Germany's biggest ride sharing website, Mitfahrgelegenheit, is expanding across Europe and taking its carpooling concept to America as well. It's an ambitious move. Success in the traffic-clogged US won't come easily.
Carpooling.com profits when more drivers ride together
Ride sharing is popular in Germany because it allows travelers to save money on gas and cut carbon emissions, even among total strangers. The dominant website that links drivers with passengers is called "Mitfahrgelegenheit."
Established a decade ago, the company says it has nearly 2 million members and has recently expanded to eight other European countries. But its managers have their eyes on a much bigger prize across the Atlantic. In 2012, the service will roll out in the United States.
Naturally, it'll have a different name. The 18-letter word Mitfahrgelegenheit doesn't exactly roll off the tongue or into a search engine. That's why the company acquired the domain Carpooling.com and will use that to attract American users. Portals in other countries also have different names.
But it'll take more than a simple name change to expand the service beyond Germany.
"One of the challenges will be trying to develop an approach, which is simple and reasonably consistent, but is actually tailored to the individual culture that they're entering into," Forrester Research eBusiness analyst Martin Gill told Deutsche Welle in a phone interview.
That means adapting to the local language, culture and geography. Sometimes, it even means explaining what ride sharing is.
"The phenomenon has not been known to countries like Spain or Italy or even Greece," Carpooling.com managing director and founder Michael Reinicke told Deutsche Welle. "So there's not even a word for carpooling."
Mitfahrgelegenheit adopted a new name for English-speakers
The company had to make many adjustments when it stepped outside its home market. In many ways, Germany is perfectly suited for carpooling, with a dense population and fast, free highways. That's not the case in more rurally distributed countries, many of which are lined with toll roads.
Highway to profitability
It's free to offer or find a ride through the Carpooling site. The company makes money through ads, premium memberships, and partnerships with travel providers. It also does consulting for companies on making it easier for employees to carpool. There's barely a marketing budget.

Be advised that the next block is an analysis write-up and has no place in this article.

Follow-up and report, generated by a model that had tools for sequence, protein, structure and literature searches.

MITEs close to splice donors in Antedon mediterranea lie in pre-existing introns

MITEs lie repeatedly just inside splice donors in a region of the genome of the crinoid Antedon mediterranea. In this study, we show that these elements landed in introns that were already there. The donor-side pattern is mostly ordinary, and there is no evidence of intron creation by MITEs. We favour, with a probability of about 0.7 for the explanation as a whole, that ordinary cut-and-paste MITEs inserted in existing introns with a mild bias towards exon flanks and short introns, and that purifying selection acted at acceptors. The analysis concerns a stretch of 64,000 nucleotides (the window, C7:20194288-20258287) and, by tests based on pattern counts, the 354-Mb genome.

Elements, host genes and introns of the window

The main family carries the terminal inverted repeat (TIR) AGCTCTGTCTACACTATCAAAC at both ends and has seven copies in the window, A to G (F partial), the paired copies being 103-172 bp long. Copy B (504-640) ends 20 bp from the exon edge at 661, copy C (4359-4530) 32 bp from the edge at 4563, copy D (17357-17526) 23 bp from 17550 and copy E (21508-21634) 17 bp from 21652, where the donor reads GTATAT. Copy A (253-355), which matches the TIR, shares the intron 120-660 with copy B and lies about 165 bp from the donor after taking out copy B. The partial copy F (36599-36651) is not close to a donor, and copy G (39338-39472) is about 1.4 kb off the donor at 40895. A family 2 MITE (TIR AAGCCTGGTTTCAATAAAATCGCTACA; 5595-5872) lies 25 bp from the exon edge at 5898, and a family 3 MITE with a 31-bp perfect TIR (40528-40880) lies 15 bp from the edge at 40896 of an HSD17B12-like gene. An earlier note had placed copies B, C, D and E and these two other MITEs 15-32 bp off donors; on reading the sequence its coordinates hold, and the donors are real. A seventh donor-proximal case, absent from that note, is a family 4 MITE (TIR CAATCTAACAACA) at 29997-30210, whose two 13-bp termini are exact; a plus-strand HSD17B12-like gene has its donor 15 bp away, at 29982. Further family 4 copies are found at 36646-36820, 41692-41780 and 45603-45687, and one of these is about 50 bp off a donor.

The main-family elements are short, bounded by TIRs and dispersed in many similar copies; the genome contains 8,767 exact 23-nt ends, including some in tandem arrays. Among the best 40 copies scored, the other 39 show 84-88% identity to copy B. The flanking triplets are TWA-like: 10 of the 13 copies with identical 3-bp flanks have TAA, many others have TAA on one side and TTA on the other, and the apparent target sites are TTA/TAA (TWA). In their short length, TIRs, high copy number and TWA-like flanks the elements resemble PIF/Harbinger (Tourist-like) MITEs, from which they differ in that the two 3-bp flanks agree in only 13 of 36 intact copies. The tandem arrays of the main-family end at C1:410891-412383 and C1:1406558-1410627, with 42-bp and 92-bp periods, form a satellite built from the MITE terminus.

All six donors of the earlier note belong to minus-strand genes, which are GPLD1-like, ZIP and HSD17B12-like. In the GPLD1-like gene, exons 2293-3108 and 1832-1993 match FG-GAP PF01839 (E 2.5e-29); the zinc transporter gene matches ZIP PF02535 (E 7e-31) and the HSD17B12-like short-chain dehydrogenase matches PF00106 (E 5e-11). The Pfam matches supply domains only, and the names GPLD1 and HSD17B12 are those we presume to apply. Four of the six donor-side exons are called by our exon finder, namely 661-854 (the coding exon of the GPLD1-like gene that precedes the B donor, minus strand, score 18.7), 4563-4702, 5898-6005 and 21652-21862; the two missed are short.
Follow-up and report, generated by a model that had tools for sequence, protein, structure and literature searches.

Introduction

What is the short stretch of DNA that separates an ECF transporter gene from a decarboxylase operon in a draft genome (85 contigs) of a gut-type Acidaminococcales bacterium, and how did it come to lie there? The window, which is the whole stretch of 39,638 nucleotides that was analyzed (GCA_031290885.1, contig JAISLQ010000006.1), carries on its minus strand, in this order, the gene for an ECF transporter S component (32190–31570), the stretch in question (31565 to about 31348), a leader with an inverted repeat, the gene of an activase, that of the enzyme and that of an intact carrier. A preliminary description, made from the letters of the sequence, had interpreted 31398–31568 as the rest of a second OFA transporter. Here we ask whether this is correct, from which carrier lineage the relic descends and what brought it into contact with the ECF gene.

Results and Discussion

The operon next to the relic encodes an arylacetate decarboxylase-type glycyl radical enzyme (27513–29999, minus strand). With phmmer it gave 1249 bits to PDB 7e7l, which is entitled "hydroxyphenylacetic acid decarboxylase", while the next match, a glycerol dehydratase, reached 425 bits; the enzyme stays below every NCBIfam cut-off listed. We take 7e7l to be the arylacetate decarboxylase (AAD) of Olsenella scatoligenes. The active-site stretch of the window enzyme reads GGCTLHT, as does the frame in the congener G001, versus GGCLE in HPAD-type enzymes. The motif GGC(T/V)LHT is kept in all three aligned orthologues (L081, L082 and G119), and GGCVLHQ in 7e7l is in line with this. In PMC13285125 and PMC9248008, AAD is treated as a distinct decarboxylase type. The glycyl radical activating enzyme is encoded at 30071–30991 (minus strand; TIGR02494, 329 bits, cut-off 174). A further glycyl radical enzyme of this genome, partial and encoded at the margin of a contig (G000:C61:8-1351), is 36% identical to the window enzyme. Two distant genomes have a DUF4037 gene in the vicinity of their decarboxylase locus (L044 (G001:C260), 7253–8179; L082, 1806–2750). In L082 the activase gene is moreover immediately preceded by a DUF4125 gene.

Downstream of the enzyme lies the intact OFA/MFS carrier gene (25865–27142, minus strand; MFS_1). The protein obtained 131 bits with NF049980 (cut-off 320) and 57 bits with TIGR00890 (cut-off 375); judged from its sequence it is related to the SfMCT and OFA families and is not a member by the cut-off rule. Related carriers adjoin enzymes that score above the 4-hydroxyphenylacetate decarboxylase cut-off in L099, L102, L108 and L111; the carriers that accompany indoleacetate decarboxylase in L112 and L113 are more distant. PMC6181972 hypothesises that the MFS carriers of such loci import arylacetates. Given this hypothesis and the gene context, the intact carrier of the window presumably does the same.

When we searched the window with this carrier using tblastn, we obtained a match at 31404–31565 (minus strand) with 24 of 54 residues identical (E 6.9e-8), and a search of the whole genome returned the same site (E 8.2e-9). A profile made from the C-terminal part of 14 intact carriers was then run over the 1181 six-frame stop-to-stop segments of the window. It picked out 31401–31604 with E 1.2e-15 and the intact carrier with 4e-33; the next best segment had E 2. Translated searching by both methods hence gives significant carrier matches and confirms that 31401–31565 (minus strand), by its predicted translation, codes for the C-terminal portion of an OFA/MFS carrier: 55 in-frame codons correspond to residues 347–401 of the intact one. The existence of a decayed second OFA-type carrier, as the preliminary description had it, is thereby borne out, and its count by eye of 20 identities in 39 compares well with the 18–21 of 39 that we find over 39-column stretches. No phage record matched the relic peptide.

"We are growing organically," Reinicke said, adding that word of mouth recommendations are the website's most important source of new members, multiplied by social networking.
The 10-year-old company was profitable earlier, but isn't at the moment because of investments and new hires to fuel expansion plans. The company now occupies sparkling new offices in Munich to accommodate a larger staff supporting bigger ambitions.
Fitting the casual atmosphere of an online business workspace, a visitor would hardly know Reinicke is a co-founder and managing director. He looks exactly like the other employees: young, hip, and t-shirt clad on a hot Bavarian summer day.
Reinicke says about 600,000 rides a month are organized through the company's various portals. But right now some 90 percent of the business originates in Germany. If Carpooling.com is going to return to profitability, it must grow revenue abroad.
The US presents different challenges than the new European markets Carpooling.com has entered. But with a growing population of more than 313 million people, America promises a rich prize for any service that can capture the ride sharing market.
Demand for carpooling goes up with gas prices
Reinicke is the rare individual who cheers spiking gas prices. Increases at the pump are steering more Americans toward shared rides, and Carpooling.com hopes to capture riders and drivers seeking to lower their gas bills.
It won't be easy going though. The US is more geographically vast than any market Carpooling.com has entered. The plan is to start by localizing the American service in several densely populated regions.
There's also the issue of trust, which needs to be ample if American strangers are going to ride together. Reinicke says that can be taken care of by allowing riders and drivers to check each other out via social networks like Facebook and other systems to establish which drivers and riders are reliable.
US policymakers have made a number of attempts to promote carpooling and reduce traffic in the past. Some municipal authorities have launched programs to connect riders and drivers, while others have even offered exclusive lanes for car poolers. But results have mostly been disappointing.
Reinicke and his team are betting that they can succeed where numerous government programs have failed. A successful American launch would be their biggest achievement yet. It will not be simple, but the casually dressed young people working on the expansion say they're ready for the tough road ahead.
Author: Mark Garrison
Editor: Sam Edmonds